These points are found in an interesting context in a contemporary Buddhist publication, Chetana, printed in Bombay. An article by A. A. G. Bennett, "The Buddha's Decision to Teach," has a passage which is clearly relevant to these subtleties:

The Buddha was once asked if there existed any quality to be cultivated in the present life which would continue over into the world beyond. He replied in one word: "Vigilance," apramada. Many people looking for advanced theory or pedantic exercises may object that this teaching is too simple; there must be something abstruse or transcendental about it. There are both these; the Enlightenment itself lay in the attaining of the Buddha to the Maha-prajna, or Great Wisdom, but the event was not without preparation. ... One's instrument is one's mind; it needs to be correctly set and balanced in order to serve its purpose and to produce the best possible result; the player needs to be able to discern that result and produce it. "All things are preceded by mind, have mind foremost, are mind-made," says the Dhammapada. We have, then, in Buddhism, a Mind-culture, and in one's study of Mind one can have all the profundity and complexity one cares to invoke.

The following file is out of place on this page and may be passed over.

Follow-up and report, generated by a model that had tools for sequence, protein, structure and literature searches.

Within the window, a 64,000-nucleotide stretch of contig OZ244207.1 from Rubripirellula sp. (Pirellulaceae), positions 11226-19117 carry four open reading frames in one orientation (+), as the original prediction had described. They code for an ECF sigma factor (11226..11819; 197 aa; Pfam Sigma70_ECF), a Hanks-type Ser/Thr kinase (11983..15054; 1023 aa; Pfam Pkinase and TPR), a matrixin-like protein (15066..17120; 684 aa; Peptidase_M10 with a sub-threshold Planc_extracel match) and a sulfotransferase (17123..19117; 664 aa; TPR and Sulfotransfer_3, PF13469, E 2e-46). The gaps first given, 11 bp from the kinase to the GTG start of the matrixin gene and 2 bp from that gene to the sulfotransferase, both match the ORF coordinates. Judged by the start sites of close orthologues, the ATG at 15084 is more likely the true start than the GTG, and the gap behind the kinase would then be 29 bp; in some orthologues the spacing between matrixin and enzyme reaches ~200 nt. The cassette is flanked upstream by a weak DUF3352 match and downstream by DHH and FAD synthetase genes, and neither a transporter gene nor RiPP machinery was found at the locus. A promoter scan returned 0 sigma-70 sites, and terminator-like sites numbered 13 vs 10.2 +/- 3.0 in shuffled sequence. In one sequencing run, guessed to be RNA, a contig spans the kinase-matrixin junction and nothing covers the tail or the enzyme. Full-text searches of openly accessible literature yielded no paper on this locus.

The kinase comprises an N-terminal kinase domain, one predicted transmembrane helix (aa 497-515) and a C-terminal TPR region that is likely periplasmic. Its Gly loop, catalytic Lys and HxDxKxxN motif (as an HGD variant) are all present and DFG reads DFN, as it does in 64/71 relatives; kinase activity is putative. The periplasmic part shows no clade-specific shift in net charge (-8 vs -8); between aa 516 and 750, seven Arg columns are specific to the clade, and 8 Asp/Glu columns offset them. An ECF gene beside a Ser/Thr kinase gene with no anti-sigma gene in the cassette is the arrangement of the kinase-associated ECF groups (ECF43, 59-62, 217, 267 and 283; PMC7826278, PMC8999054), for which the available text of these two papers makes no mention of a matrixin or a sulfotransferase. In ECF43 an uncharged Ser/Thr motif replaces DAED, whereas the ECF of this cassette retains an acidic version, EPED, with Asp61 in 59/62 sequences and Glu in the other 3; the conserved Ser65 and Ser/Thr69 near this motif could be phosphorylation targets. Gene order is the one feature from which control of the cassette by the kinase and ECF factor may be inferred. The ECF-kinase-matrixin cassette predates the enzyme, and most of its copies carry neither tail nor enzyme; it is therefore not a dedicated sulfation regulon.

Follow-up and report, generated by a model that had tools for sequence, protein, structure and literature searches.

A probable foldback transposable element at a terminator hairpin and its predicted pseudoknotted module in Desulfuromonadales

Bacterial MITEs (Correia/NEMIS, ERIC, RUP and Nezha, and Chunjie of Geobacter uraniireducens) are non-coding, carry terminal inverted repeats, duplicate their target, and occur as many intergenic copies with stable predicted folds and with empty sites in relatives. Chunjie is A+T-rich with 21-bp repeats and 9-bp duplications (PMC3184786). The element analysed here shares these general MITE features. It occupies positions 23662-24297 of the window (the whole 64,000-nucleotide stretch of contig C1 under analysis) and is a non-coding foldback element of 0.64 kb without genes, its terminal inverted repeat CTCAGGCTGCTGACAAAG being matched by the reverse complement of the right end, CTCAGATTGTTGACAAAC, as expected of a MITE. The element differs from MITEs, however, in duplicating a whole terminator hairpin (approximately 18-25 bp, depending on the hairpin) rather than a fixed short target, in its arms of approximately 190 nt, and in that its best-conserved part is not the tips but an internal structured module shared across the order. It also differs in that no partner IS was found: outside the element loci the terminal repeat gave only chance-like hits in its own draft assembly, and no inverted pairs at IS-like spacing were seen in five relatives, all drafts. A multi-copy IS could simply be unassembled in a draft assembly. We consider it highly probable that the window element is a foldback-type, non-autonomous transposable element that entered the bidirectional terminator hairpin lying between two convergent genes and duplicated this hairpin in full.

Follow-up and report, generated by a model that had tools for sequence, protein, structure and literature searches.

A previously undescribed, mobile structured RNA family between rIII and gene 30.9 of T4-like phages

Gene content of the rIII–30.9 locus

The foregoing may help to explain why we are unable to find any direct emphasis on reincarnation in the Dhammapada. We do find, however, that after all of Buddha's remarks concerning self-study of the mind, he incidentally refers to rebirth as a self-evident fact in Nature. For example, in "The Brahamana," verses 32 and 41 say:
Him I call a Brahamana who has gone beyond the miry road of rebirth and delusion difficult to cross and who has reached the other shore; who is meditative, who is without doubt, without attachment, who is calm and content.

Him I call a Brahamana who knows his former lives, who knows heaven and hell, who has reached the end of births, who is a sage of perfect knowledge and who has accomplished all that has to be accomplished.

In other words, one could say that Buddha feels that the subject of reincarnation comes up ideally for consideration only after one has rid himself of enough immaturities of mind to be no longer the psychological victim of personal karmic circumstances. Yet the "in passing" reference to reincarnation above has obvious relation to the fact that in Buddha's time the acceptance of some doctrine of reincarnation was universal and unquestioned.

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QUESTION--AND COMMENT